In name, Max Verstappen ‘won’ the Belgian Grand Prix, but it was a day marked by bad weather and some bizarre decisions by F1. In Belgium, we saw three laps completed, eight minutes of driving and no racing whatsoever, in what was truly a depressing day for the sport.
This is typically where I’d write a race report, and everything was building up for a good one. Spa-Francorchamps is usually a good track for racing, and we entered this race with the Hamilton-Verstappen rivalry showing no signs of abating after the summer break. Qualifying gave us some exciting moments – there was a dreadful crash at 185mph for Lando Norris, from which he was fortunate to escape without injury. And then, George Russell in the Williams pulled one of the best qualifying laps you’ll ever see, finishing second between Verstappen on pole and Hamilton in third.
But then, the race itself – if you could even call it a race. The rain was bad all morning, and the track was very wet – the start kept being delayed and red flagged, and it was looking likely that there would not be a race at all. The drivers certainly thought so – it was much too dangerous, and visibility was far too low. There was no real way that a race was going to happen, and that was clear to everyone.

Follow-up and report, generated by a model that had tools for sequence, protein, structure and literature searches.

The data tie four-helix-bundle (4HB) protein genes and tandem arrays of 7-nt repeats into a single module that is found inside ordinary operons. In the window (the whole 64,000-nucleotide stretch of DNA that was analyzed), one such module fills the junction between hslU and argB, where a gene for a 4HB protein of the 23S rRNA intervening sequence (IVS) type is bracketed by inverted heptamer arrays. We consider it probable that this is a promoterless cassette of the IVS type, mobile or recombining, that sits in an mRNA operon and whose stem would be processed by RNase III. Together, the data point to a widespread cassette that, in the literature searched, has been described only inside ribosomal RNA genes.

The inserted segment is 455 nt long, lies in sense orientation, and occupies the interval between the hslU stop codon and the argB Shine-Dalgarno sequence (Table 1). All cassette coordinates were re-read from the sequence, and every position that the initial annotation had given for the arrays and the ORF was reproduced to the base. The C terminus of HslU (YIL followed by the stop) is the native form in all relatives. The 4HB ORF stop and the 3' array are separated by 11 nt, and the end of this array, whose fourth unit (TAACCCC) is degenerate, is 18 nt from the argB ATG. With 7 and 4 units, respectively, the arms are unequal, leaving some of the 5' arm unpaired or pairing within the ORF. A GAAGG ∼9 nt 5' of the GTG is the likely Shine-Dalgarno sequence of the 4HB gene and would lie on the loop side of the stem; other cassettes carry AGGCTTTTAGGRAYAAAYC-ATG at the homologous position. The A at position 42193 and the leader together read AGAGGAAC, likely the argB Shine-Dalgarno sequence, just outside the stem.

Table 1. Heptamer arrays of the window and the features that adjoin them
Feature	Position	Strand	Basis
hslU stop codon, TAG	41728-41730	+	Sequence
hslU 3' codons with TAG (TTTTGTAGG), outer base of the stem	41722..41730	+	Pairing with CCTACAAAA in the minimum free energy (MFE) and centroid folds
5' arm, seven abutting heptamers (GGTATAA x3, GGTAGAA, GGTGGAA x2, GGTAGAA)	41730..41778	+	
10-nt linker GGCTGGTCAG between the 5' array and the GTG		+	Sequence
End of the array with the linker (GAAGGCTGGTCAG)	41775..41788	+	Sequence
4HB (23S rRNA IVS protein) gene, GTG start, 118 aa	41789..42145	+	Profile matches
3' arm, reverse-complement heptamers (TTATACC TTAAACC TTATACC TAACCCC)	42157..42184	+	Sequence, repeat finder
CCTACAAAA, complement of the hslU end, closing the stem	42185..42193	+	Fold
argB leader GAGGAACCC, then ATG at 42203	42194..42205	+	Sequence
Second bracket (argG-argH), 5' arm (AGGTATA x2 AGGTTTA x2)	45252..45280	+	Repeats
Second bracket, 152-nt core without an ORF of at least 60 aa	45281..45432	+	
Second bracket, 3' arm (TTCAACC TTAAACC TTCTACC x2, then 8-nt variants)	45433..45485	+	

Whatever happens this weekend, it’ll be better than this total waste of time
Yet after a delay of three hours and 17 minutes and no real improvement in the weather, the F1 leadership made a bizarre move – they deemed the race fit to start, with the cars leaving the pit lane behind the safety car. There was one reason for this – once two laps are completed, a race result can be declared, and it seemed that was F1’s goal no matter what. The cars trundled out in exactly the order they’d qualified and returned to the pits after another red flag. 20 minutes later, the race was stopped for good – half points were awarded to the top ten.
Having just scraped the pole, Verstappen won 12.5 points, and is now only three championship points behind Lewis Hamilton. Russell technically achieved his first podium finish, and it’s hard to begrudge him the points after a phenomenal drive, but this isn’t how he’d want to have achieved that result. The top five was rounded out by Daniel Ricciardo and Sebastian Vettel, but there will always be an asterisk next to this event. There was a podium after the results were declared, but there was clearly also a huge feeling of embarrassment for the three drivers standing atop it.
Next weekend, F1 returns to the Zandvoort track for the first Dutch Grand Prix since 1985. Verstappen will obviously have home support, but will he deliver a win? I’ll confirm one thing for you – whatever happens, it’ll be better than this total waste of time. No F1 race has ever been abandoned before the start in the sport’s history but, after seeing the bear minimum F1 will do to technically keep races on, a lot of fans may wish this farce of a Belgian GP broke that record.